A ghost singer is a professional singer who dubs the singing parts officially credited, or billed, to another person, usually the star or co-star of a musical or film, especially those whose specialty is dancing, acting or for non-musical performers such as celebrities cast in musicals.
Known ghost singers include:
- India Adams, who dubbed for Cyd Charisse in The Band Wagon (1953). That same year, she also dubbed for Joan Crawford in Torch Song.
- Bill Shirley, who dubbed for Jeremy Brett in Warner Bros. My Fair Lady (film).
- Jo Ann Greer, who dubbed for Rita Hayworth, Kim Novak, and Dorothy Malone.
- Marni Nixon, who dubbed for Deborah Kerr in The King and I, for Natalie Wood in West Side Story, for Audrey Hepburn in My Fair Lady (1963), and for Marilyn Monroe in Gentlemen Prefer Blondes (1953 film).
- Betty Wand, who dubbed for Leslie Caron in Gigi.
- Betty Noyes, who dubbed for Debbie Reynolds in "Singin' in the Rain"
- Annette Warren, who dubbed for Ava Gardner in Show Boat. and Lucille Ball in both Fancy Pants and Sorrowful Jones.
- Darlene Love ghost sang for girl group The Crystals, as acknowledged in the documentary 20 Feet From Stardom.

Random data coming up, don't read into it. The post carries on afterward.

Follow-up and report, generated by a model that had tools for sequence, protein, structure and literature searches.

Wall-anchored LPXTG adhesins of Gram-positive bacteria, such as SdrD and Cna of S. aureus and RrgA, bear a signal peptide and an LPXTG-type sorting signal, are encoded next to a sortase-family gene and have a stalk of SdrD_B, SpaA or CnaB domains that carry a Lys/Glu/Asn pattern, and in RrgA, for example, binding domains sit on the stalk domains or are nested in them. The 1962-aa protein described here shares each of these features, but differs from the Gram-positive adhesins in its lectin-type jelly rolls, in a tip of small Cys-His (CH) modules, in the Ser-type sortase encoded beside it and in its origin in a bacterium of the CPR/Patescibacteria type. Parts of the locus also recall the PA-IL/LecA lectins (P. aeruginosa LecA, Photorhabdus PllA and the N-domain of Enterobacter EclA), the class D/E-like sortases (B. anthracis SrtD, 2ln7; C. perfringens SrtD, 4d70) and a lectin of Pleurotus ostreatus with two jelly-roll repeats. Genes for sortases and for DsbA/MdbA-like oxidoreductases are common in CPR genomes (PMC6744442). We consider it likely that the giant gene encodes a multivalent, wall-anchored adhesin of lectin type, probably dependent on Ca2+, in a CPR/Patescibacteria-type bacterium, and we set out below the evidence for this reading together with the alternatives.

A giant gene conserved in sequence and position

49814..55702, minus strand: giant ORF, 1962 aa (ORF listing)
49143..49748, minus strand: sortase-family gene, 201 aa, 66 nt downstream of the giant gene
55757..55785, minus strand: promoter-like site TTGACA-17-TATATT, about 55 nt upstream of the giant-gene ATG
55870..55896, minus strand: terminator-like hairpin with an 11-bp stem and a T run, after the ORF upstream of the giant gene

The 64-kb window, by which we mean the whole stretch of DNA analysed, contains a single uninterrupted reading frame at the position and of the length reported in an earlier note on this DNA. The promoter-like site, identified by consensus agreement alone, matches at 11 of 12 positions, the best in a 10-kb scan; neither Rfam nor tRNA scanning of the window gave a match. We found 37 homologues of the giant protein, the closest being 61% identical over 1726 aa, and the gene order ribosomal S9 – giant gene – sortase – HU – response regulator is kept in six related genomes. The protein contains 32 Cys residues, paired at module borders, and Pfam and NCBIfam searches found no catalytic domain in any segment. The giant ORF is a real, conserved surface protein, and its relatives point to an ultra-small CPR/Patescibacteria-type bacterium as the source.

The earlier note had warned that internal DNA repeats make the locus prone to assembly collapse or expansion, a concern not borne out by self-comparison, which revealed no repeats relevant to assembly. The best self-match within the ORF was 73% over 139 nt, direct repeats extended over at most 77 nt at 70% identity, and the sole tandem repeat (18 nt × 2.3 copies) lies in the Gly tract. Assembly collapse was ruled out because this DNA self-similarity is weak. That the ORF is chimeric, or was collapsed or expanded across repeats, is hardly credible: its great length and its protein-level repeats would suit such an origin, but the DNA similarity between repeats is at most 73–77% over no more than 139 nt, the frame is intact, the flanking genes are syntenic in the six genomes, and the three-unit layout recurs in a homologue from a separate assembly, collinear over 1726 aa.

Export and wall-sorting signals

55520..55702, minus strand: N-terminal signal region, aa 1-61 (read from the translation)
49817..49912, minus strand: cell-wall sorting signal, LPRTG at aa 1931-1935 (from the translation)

- Bill Lee provided the singing voice for John Kerr as Lieutenant Cable in South Pacific and for Christopher Plummer as Captain von Trapp in the film of The Sound of Music
- Yang Peiyi, who dubbed for Lin Miaoke at the 2008 Olympics opening ceremony in Peking
- Thomson, David (2008) Have You Seen...?': a Personal Introduction to 1,000 Films including masterpieces, oddities and guilty pleasures (with just a few disasters). Penguin UK At Google Books. Retrieved 13 June 2013.
- Quirk, Lawrence J. and William Schoell (2013) Joan Crawford: The Essential Biography, p. 170. University Press of Kentucky At Google Books. Retrieved 13 June 2013.
- "Obituary: Joan Greer "Jo Ann" McMahan" Los Angeles Times. Retrieved 13 June 2013.
- "Ghost singer India Adams appears" Los Angeles Times. Retrieved 13 June 2013.
- Server, Lee (2007) Ava Gardner: "Love Is Nothing", p. 218. Macmillan, Apr 1, 2007 – At Google Books. Retrieved 13 June 2013.